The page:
Oil and gasoline prices are rising
Crude oil nears $100 a barrel for the first time since May. Prices at the pump are up 4.5% since bottoming in December. Want someone to blame? Try hopes for global growth and geopolitical tensions.
The average price of regular unleaded gasoline was at $3.364 a gallon on Tuesday, according to AAA's Daily Fuel Gauge Report. That's up 2.2% this month and 4.5% since hitting a 2012 low of $3.219 on Dec. 20.
The move parallels rising oil prices. Crude oil in the United States is approaching $100 a barrel for the first time since May 2012 and could hit that level any day, says Peter Tuz, president of Chase Investment Counsel in Charlottesville, Va.
Light sweet crude (-CL) in New York settled Tuesday at $97.57 a barrel, up $1.13 from Monday and 6.3% this month alone.
Brent crude, the benchmark North Sea crude, settled up 88 cents to $114.36 a barrel in London. Brent, which is up 2.8% in January, influences U.S. gasoline prices as much as light sweet crude.
The gains for oil and gasoline appear to reflect two forces:
- Optimism that economies globally will do better than expected, particularly the United States.
- Continued worries about protests and terror attacks in North Africa and the Middle East. The civil war in Syria and worries about Iran are playing a role in the oil-price run-up.
If you want some good news about the rising prices, it's just that the gains so far aren't as big as a year ago.
By Jan. 29, 2012, gasoline was up 4.4% to $3.419 while crude oil in New York was flat, but Brent crude was up about 3.8% at $111.46 a barrel.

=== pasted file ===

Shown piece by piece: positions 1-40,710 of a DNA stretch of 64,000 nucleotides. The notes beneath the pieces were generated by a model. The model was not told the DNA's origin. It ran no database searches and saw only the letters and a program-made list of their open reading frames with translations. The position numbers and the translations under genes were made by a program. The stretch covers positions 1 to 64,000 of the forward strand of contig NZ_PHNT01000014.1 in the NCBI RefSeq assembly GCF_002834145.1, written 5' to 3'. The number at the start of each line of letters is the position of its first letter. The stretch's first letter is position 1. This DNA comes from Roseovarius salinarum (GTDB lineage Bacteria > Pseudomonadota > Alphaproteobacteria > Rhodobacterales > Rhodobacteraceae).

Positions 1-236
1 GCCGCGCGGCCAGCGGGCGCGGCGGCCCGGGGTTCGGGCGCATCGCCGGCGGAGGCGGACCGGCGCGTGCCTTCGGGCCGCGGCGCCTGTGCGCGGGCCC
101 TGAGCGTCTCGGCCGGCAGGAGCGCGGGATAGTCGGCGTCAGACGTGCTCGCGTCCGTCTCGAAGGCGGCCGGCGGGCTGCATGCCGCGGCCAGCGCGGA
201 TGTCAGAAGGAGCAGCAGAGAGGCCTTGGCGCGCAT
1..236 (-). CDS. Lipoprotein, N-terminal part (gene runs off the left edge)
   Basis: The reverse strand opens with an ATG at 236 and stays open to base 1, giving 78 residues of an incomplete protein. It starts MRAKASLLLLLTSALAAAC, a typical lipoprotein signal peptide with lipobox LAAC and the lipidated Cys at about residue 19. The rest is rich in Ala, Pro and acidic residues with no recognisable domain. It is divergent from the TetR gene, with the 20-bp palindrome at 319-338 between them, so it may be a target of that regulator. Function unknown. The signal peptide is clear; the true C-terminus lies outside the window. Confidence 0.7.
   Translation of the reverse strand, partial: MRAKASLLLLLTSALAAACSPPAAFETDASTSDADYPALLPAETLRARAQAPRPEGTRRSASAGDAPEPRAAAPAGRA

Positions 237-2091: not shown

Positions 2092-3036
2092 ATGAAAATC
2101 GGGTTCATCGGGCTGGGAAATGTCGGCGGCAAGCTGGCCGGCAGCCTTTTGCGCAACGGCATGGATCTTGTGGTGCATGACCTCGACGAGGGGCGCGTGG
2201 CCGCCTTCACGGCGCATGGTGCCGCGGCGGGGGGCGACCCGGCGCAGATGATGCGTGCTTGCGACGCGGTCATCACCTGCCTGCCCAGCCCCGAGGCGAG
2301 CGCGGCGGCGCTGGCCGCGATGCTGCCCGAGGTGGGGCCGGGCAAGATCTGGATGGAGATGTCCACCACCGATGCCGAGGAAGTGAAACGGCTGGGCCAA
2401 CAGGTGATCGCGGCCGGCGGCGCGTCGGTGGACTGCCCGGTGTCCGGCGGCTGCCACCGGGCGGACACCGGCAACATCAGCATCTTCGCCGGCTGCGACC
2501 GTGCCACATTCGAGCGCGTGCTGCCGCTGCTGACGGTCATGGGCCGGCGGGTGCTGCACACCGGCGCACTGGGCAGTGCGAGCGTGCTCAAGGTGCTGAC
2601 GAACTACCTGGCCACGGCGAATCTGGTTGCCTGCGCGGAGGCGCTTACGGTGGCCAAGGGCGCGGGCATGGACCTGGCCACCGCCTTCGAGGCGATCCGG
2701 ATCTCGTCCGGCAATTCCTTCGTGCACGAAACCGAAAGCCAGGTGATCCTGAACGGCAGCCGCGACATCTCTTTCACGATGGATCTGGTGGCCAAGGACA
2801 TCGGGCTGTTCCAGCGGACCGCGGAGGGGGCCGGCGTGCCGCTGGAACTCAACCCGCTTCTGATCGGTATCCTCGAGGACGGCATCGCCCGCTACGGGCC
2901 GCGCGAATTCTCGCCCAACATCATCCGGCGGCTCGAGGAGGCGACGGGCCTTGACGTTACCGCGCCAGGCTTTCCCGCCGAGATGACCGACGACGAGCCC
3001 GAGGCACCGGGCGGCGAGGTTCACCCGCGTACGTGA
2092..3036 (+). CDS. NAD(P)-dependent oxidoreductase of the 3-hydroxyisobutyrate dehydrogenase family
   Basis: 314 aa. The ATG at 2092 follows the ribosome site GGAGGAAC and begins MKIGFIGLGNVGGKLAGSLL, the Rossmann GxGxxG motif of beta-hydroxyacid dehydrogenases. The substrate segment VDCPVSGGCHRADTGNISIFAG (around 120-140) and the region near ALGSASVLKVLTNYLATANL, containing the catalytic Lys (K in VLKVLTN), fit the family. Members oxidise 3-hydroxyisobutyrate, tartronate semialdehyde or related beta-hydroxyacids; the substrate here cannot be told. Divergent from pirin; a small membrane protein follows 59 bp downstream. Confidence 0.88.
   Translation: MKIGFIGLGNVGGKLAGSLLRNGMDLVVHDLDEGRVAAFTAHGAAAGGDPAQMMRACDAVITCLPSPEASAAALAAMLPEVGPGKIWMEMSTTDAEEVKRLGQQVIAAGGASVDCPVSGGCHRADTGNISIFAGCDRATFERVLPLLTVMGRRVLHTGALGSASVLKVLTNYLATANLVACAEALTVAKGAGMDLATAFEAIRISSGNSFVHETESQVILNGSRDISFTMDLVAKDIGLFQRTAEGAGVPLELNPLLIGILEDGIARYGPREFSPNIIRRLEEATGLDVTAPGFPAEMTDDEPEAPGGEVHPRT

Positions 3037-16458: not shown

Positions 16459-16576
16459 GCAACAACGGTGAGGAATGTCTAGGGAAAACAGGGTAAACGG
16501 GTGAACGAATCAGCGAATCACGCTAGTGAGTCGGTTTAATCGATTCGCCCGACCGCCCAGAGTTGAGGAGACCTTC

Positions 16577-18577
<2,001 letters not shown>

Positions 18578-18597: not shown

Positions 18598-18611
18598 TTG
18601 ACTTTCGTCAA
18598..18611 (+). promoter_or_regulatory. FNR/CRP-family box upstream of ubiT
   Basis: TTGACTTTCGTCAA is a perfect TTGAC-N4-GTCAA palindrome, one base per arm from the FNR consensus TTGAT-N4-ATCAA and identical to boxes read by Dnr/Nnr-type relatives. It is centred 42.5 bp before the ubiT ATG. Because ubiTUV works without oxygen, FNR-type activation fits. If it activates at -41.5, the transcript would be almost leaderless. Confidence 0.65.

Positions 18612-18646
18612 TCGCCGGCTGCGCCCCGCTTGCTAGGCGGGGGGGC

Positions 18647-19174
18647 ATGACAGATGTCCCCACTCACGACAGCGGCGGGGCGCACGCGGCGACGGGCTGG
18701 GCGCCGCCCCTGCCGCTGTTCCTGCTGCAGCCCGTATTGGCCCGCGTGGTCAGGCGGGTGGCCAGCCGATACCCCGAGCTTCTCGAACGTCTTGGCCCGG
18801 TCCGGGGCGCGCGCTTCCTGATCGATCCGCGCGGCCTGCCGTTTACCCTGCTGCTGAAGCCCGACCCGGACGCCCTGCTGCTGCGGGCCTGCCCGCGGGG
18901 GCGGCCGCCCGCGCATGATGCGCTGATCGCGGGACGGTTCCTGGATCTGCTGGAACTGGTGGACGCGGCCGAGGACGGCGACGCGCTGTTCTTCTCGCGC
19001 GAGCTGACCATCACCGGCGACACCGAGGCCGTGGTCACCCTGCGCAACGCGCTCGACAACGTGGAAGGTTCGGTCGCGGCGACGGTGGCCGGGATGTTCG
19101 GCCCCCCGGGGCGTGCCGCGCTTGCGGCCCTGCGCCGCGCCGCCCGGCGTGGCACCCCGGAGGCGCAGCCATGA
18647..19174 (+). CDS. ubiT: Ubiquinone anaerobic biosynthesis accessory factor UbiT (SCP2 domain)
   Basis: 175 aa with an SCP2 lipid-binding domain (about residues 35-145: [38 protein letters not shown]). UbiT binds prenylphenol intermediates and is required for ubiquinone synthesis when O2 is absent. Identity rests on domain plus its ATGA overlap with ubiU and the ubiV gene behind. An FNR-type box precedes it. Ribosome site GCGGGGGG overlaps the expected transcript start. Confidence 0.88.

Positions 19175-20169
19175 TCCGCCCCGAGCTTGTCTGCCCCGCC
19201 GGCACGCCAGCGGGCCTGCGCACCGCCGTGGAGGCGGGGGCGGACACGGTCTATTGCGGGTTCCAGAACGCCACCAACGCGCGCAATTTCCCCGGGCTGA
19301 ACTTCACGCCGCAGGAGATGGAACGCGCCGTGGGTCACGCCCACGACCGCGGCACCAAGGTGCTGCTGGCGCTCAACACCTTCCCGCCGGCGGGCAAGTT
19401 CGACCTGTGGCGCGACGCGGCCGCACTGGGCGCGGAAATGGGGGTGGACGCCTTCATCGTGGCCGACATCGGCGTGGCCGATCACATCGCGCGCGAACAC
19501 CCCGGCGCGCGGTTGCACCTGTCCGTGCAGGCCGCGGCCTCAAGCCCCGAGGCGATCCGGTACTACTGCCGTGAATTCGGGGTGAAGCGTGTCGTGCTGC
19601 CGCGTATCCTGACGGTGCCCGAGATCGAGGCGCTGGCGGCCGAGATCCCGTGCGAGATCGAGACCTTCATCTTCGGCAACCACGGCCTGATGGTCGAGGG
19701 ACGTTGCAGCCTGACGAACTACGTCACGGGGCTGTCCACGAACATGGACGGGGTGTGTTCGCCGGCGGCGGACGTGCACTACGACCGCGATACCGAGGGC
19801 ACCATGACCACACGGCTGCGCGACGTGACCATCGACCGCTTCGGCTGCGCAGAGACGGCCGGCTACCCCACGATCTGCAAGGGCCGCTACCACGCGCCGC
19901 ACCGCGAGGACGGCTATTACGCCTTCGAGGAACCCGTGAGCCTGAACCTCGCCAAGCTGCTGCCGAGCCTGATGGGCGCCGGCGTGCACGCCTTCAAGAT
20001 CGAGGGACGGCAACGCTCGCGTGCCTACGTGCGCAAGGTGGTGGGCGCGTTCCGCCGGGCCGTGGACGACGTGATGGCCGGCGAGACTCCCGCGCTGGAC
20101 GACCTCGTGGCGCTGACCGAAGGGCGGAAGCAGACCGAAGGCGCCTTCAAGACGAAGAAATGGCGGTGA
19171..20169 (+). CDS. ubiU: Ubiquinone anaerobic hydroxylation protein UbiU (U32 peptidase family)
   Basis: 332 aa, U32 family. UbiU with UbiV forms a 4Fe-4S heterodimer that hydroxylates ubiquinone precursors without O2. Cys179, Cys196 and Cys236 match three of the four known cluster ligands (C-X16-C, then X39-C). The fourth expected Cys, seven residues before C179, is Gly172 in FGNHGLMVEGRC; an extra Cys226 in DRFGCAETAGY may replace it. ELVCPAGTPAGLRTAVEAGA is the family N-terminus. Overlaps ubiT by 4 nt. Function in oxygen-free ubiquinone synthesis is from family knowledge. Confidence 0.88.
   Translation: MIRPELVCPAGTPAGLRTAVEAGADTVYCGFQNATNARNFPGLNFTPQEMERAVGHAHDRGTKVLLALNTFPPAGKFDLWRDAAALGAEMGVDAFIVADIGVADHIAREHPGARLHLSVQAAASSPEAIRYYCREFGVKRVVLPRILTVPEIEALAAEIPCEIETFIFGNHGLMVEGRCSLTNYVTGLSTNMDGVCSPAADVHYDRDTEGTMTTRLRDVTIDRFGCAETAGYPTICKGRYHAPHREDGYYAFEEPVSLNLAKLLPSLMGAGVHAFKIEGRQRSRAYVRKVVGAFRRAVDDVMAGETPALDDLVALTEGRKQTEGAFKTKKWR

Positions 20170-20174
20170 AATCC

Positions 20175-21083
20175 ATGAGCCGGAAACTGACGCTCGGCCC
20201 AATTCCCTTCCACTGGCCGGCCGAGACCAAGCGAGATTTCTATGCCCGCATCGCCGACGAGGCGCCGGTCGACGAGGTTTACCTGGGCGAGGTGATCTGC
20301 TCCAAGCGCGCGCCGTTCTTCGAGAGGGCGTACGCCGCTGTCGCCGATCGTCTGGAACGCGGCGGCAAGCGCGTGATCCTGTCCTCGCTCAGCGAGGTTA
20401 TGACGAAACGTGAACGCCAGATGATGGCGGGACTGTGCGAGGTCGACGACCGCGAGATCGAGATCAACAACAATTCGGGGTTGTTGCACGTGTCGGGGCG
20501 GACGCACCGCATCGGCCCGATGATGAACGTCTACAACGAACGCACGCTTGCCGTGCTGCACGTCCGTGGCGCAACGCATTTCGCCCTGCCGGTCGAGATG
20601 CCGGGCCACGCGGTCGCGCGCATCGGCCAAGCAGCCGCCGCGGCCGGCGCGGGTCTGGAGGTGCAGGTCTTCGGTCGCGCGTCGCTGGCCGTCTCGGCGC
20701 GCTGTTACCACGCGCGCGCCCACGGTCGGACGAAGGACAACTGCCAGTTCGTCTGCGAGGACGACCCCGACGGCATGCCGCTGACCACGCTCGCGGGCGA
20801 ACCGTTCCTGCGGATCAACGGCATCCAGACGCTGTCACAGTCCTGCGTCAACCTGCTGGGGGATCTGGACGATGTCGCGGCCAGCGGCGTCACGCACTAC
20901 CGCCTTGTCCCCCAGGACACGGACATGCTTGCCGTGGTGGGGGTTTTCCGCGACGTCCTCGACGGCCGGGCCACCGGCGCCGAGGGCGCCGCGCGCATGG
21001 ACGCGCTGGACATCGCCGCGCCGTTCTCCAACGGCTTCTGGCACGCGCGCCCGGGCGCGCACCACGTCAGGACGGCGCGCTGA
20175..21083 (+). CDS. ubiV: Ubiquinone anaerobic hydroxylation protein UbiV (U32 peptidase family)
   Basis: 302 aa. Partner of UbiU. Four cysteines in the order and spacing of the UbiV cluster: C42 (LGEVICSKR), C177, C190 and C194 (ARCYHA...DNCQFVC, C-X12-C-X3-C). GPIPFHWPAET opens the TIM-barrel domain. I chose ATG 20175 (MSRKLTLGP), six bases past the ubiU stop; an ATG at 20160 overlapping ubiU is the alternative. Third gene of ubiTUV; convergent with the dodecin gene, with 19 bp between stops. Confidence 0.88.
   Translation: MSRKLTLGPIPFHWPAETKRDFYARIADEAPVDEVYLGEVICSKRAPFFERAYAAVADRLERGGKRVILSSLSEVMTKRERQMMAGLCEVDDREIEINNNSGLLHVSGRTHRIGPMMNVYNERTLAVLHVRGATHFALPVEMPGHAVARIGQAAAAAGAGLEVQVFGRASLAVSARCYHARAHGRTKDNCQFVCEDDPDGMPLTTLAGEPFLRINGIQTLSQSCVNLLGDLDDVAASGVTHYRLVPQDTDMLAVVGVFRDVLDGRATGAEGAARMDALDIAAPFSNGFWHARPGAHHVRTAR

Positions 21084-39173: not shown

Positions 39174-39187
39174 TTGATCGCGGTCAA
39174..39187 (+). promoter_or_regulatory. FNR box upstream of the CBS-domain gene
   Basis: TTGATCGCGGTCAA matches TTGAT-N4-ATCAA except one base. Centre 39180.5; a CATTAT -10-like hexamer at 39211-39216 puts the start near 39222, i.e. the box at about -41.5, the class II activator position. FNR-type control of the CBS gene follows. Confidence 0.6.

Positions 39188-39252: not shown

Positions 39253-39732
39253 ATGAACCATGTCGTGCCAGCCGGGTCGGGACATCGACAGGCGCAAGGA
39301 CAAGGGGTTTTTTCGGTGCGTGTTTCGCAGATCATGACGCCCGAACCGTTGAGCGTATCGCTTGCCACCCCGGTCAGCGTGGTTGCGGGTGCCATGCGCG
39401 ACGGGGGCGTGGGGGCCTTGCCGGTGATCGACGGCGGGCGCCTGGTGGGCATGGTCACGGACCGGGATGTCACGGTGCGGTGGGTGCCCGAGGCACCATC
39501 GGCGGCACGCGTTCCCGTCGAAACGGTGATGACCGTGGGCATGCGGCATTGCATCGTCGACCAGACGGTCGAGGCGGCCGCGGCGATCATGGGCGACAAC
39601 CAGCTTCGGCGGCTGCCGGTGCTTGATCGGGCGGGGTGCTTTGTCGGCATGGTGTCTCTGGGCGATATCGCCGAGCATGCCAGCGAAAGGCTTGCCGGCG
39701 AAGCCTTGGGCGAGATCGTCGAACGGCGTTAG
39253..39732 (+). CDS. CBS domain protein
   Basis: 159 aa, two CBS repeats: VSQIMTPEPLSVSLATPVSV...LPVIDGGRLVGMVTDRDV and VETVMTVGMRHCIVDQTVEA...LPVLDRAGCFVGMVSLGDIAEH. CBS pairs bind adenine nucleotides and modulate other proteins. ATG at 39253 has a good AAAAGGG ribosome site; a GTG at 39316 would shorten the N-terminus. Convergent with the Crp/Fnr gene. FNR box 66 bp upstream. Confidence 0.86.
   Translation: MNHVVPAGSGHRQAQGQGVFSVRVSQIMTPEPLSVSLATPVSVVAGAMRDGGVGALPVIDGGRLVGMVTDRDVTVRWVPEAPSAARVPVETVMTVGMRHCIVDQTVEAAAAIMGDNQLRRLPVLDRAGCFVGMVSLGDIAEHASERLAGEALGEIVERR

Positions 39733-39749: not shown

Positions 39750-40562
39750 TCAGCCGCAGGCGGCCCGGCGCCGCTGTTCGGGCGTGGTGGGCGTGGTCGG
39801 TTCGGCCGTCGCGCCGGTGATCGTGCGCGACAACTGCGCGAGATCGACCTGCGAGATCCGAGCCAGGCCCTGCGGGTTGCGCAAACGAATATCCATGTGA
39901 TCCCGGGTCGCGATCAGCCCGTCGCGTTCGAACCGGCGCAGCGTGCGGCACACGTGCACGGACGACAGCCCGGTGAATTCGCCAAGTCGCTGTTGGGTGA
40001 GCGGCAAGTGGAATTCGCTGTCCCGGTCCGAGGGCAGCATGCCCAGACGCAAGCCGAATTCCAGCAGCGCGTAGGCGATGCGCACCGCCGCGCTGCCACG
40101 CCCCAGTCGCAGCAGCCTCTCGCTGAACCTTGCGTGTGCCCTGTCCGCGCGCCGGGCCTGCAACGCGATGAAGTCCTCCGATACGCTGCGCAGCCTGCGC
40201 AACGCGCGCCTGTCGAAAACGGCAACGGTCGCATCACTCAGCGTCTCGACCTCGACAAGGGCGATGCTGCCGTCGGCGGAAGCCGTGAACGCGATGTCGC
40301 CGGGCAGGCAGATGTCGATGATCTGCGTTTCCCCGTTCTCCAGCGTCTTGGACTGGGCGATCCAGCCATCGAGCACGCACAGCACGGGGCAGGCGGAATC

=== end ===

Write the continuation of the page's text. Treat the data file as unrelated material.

Another reason for higher prices, suggested Arjun Sreekumar on the Motley Fool, is that production costs for crude oil are rising.
Between 2001 and 2010, the average annual price of Brent increased 228%, while marginal production costs among the world's 50 biggest public oil companies rose 229%, according to calculations by Bernstein Research.
The price of Brent crude is up 462% since the end of 2001. Light sweet crude in New York, however, is down 1.4%. Light sweet crude did hit reach $145.29 a barrel on July 3, 2008 and was a contributing factor to 2008-2009 recession.
But Tuz is a little surprised by the oil-price run-up. U.S. prices should be lower if only because of the big increases in supply coming from shale deposits in North Dakota, Texas and elsewhere.
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Okay, so I don't thoroughly understand the intricacies and tech-talk here, but what I do understand is that all the babble adds up to nothing more than the big oil folks and the traders wanting to make more money, so the price goes up. I know my version (though "spot-on") is kind of boring, so the news media adds the the babble so they will have something to fill the airwaves with.
"The price of Brent crude is up 462% since the end of 2001."
I'm sure everyone's salaries have gone up the same amount since then, so what's the problem?
and next week msn will try and convince us that gas prices are falling
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